On 9/21/1904 four Denver, Colorado firefighters “were killed from inhaling nitric acid fumes at the Denver Post after nitric acid spilled and fire on ensued on September 20, 1904. A 16-gallon container of nitric acid burst open in the etching room of the Denver Post. A fire ensued which was easily extinguished by the firefighters, who inhaled the fumes while fighting the fire. Besides the four firefighters killed, more than a dozen other firefighters were hospitalized with various stages of respiratory distress.
On 9/21/1943 three Denver, Colorado firefighters died at a railroad tunnel fire. “A small brush fire ignited timbers in Tunnel Number 10 of the Moffat Tunnel Rail Line, near Rollinsville, Colorado. The tunnel is a 1600′ bore located approximately 27 miles west of Denver, with no road access to the area. The Denver & Salt Lake Railroad contacted the Fire Chief and requested assistance in extinguishing the blaze. The Chief knew the importance of this rail line route and agreed to send a crew. Engine 4, one of the department’s newest, was loaded onto a flat car in Denver and along with 3 rail cars full of water and they departed for the fire. Late that night they arrived at the tunnel. Three firefighters went into the tunnel to fight the blaze. One firefighter later stumbled out of the tunnel, his gas mask not working properly. A firefighter grabbed a mask and rushed into the tunnel to help the two firefighters. Winds shifted, and the tunnel became a blazing inferno, resulting in a cave-in. The body of one firefighter was recovered 100 yards inside the tunnel the next day. The body of the second firefighter would not be recovered until November 21st, and the third firefighter was recovered on November 24th, both deep inside the tunnel.”
On 9/21/1944 three Magnolia, Arkansas firefighters “were killed in a fire at an oil storage tank in the Macedonia area.”
On 9/21/1946 a Toronto, Ontario, Canada firefighter “died from burn injuries he received in a violent explosion of a shed at the Canadian National Railway on Mill and Cherry Streets. Three other firefighters were rushed to the hospital with burns, but would survive.”
On 9/21/1972 two Elkhart, Indiana firefighters died at a fire at Richmond Street and Virginia Avenue. “A fire broke out at Holdeman’s Supplies and the smoke could be seen for miles. Multiple attempts had been made to steal fuel from a gas tank on the property and a blaze ignited underneath. Three firefighters jumped off the truck and began putting water on the fire while the engineer drove a few yards down to keep the engine at a safe distance. As he drove away, the fuel tank exploded. Some of the men fled up a nearby hill. Others caught fire and tried to extinguish the flames that engulfed their bodies. Eight of the eleven firefighters present that day were severely burned. Two died from their injuries.”
On 9/21/1978 a Springfield, Oregon firefighter died “while operating at a fire on the second floor of DJ’s Market on Main Street. He died of smoke inhalation and carbon monoxide poisoning when he became confused and got separated from his company as they were evacuating the building due to a ceiling collapse. He complained of being dizzy while changing to his third air bottle but refused to remain outside. His body was found with his mask still on and his coat pulled over his head.”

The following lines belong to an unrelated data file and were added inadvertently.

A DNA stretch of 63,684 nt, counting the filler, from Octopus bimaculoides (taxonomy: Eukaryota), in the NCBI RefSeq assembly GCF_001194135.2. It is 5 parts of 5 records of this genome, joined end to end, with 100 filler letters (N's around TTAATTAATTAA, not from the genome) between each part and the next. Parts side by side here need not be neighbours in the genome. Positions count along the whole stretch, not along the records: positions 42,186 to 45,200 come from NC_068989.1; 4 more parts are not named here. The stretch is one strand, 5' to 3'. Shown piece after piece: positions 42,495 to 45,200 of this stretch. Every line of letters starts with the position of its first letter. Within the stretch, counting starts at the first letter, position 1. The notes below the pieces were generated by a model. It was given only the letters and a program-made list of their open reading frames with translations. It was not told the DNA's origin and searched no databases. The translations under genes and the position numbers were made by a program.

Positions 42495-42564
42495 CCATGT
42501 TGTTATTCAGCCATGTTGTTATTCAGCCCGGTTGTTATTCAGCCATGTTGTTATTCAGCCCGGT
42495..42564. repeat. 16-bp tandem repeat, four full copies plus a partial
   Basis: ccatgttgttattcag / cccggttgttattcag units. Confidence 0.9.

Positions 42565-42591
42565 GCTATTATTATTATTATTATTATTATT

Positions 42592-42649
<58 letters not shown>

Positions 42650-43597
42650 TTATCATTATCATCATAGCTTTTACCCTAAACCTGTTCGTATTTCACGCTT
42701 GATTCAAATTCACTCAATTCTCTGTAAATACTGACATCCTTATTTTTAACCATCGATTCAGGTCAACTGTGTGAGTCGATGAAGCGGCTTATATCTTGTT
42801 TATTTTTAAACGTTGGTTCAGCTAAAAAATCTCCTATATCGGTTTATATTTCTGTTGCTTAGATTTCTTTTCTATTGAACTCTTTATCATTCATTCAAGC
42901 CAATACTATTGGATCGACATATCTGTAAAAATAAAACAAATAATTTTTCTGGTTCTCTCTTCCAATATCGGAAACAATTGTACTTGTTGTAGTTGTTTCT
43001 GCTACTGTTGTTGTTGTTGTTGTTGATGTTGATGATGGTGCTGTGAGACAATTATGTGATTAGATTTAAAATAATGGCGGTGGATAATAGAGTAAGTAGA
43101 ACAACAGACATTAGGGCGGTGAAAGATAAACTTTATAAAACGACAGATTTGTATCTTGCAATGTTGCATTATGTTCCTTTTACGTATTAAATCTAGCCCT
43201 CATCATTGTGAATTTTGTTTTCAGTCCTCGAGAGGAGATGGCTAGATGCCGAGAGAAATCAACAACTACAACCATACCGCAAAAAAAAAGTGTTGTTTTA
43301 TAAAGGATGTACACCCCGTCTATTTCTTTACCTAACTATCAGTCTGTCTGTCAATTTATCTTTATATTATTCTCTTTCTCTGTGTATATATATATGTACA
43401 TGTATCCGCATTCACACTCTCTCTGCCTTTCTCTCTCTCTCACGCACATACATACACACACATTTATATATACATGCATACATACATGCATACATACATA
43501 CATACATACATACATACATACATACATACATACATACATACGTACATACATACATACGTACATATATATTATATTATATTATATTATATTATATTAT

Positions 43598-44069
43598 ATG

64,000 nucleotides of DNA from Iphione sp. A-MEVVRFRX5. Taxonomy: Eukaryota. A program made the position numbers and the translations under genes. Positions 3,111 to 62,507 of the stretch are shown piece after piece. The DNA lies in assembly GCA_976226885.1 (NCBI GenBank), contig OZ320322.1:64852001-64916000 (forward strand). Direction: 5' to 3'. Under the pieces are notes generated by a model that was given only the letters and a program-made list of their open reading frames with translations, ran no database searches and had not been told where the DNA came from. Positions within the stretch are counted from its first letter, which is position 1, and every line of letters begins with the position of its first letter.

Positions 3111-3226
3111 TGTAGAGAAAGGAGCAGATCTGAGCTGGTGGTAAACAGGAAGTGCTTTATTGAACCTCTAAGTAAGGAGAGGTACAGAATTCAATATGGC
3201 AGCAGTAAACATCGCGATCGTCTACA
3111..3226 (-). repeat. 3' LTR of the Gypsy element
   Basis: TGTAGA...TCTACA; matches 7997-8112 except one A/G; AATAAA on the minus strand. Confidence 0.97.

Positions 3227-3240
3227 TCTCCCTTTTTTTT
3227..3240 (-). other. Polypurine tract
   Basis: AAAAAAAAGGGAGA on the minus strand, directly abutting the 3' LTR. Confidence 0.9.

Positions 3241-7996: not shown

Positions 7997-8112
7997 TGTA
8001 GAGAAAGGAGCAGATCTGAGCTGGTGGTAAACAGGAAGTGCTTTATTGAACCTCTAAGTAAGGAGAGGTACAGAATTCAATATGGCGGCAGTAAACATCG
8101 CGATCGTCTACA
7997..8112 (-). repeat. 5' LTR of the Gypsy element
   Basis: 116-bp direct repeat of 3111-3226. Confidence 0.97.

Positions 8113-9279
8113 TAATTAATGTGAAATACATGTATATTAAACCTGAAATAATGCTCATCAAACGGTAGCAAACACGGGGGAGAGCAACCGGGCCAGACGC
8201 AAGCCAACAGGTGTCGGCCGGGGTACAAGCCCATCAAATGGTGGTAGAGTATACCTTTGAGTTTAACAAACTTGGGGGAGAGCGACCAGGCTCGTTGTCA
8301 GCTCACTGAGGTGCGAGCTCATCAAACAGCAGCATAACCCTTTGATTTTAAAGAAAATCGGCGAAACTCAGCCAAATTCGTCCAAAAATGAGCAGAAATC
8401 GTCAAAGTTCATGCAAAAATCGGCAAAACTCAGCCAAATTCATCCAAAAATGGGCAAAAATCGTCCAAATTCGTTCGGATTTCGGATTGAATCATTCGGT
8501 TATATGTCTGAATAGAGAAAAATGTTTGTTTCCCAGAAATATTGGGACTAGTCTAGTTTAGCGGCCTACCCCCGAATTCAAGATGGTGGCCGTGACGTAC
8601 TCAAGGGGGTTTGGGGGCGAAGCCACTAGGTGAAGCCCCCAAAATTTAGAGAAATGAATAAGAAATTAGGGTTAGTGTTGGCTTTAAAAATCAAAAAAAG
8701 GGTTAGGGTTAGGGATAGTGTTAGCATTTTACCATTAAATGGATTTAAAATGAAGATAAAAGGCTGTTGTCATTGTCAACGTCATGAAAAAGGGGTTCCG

On 9/21/1991 a Sherwood, North Dakota firefighter was severely burned on September 15, 1991, “when there was a wind shift at an oil storage tank fire. Six other firefighters were injured. Firefighters were trying to circle the fire when the wind shifted, they apparently became disoriented in the smoke. Burning oil from one tank sprayed the town’s only fire truck. One tank was nearly empty and the other held about 12,000 gallons of oil that were lost in the fire. One firefighter died on 9/20 and a second passed on 9/21 of the injuries they sustained days earlier at the fire.”
On 9/21/2009 a Port Arthur, Texas apartment fire claimed the lives of a 43-year-old man, his 45-year-old wife, her 18-year-old son, and a 67-year-old woman.
On 9/21/2008 the Wuwang Club fire in Shenzhen, People’s Republic of China killed forty-three people and injured fifty-one when a fire broke out just before midnight at the packed “King of the Dancers Club.” The nightclub was operating without a license and was not built to code. The fire started from fireworks that ignited the ceiling during a floorshow, there was one unmarked exit, and the thirteen people responsible for the management of the club were arrested.
On 9/21/1924 four miners died in a carbon-fueled mine explosion near Rains, Utah.
On 9/21/1921 the Badische Anilin chemical plant explosion and fire killed about 1,000 in Oppau, now part of Ludwigshafen, Germany when a tower silo storing 4,500 tons of a mixture of ammonium sulfate and ammonium nitrate fertilizer exploded at a BASF plant. The explosion was estimated to be equivalent to about 1–2 kilotons of TNT; almost 80 percent of all buildings in Oppau were destroyed, leaving 6,500 homeless; and created a crater 295’ by 410’ and 62’ deep.
On 9/21/1891 in Rolla, Missouri a furniture store was destroyed by a fire that damages several other stores.
On 9/21/1882 a fire drill caused panic in New York, New York. Several children were injured in a school on Greenwich Avenue during a panic caused by a fire alarm being given by mistake.
On 9/21/1876 the Georgetown, Kentucky Courthouse and eight business buildings burned after a fire was discovered in the cellar of the drugstore.
On 9/21/1874 in Helena, Montana four incendiary fires damaged several downtown buildings.
On 9/21/1938 the New England Hurricane (or Great New England Hurricane or Long Island Express or simply The Great Hurricane of 1938) was the first major storm to strike the area since 1869 and one of the most powerful hurricanes in New England history was estimated to have killed between 682 and 800 people and destroyed over 57,000 homes.